Euro-area manufacturing activity rose by a record in December, capping a solid year that saw industry benefit from an improving global economy.
IHS Markit's monthly factory index jumped to 60.6 from 60.1 in November, the strongest since the survey began in 1997. The reading, in line with a flash estimate, is well above the 50 level that divides expansion from contraction.
The performance in December wasn't merely a flash in the pan, with the average reading for 2017 also hitting a series high.
The figures show how the euro-region economy is profiting from buoyant global demand. Markit said new orders rose the most in 17 years in December, with export demand at, or close to, record levels in a number of countries.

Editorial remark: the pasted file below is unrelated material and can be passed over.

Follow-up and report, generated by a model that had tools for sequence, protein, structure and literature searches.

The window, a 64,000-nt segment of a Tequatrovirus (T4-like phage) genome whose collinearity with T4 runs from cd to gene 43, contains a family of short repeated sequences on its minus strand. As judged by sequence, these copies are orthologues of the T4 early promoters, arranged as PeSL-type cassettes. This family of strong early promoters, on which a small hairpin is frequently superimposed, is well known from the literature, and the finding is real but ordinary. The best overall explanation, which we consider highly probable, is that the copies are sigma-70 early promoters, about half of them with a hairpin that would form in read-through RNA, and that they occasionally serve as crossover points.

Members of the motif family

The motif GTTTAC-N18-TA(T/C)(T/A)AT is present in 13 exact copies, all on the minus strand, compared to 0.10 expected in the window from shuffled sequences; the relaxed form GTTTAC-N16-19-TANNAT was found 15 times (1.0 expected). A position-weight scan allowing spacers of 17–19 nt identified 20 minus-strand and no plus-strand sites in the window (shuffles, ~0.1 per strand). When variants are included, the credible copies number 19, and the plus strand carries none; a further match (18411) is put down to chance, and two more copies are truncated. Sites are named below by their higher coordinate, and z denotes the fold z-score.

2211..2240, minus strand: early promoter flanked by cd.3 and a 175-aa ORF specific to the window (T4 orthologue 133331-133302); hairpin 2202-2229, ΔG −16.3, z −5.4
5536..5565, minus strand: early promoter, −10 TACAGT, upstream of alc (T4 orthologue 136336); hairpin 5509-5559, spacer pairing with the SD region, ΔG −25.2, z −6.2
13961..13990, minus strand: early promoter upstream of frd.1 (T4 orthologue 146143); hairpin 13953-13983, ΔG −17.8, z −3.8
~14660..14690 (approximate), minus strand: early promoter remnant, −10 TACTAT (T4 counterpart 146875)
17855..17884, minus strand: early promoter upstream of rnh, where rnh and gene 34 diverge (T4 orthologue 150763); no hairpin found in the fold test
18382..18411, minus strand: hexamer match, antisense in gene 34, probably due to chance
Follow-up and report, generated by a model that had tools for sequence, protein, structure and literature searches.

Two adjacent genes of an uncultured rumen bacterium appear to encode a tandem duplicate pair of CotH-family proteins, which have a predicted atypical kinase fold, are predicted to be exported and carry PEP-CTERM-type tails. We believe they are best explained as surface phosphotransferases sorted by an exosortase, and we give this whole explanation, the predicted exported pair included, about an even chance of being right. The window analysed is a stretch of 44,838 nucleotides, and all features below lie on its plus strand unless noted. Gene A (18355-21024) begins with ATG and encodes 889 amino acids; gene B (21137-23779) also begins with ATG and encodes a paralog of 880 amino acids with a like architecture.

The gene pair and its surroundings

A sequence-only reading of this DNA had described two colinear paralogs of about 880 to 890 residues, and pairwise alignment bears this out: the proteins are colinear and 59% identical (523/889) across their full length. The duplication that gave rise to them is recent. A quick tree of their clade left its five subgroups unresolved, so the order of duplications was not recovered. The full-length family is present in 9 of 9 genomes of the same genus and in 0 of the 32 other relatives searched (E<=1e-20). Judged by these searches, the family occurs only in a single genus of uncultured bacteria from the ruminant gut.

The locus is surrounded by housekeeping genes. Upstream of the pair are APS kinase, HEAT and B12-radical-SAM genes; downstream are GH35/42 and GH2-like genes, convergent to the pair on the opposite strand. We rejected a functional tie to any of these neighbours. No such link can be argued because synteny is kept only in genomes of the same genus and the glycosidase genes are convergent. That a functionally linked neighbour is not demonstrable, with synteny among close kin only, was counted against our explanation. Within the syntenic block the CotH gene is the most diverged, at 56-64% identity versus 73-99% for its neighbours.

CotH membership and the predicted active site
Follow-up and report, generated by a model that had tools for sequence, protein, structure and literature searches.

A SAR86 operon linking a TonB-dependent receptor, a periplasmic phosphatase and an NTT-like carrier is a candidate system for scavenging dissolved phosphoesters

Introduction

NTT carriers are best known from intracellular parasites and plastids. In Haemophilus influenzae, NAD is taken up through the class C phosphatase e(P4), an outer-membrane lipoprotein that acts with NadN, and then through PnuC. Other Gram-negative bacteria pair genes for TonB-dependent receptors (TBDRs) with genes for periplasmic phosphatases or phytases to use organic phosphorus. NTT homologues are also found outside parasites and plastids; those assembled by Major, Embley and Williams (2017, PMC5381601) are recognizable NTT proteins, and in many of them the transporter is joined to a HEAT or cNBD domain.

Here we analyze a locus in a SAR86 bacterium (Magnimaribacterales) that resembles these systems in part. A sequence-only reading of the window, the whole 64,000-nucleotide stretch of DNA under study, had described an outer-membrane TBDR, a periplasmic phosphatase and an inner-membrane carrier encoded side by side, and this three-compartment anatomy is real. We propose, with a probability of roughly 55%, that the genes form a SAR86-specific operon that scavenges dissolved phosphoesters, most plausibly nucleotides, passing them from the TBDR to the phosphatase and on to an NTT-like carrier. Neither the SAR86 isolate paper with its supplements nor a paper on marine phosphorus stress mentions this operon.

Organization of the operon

Optimism among euro-area manufacturers rose to its highest level since at least 2012, and Markit noted the “encouraging” pickup being recorded for producers of investment goods such as plant and machinery.
“Higher investment should help boost productivity and profits, and therefore enhance the sustainability of the upturn,” said Chief Business Economist Chris Williamson.
The European Central Bank has noted the economic improvements and raised its growth forecasts this month. It estimates 2.4% expansion in 2017 -- which would be the best in a decade -- and 2.3% this year. Even with inflation below its target, the brighter backdrop means the ECB is about to scale back its monthly bond buying for a second time.
By Fergal O'Brien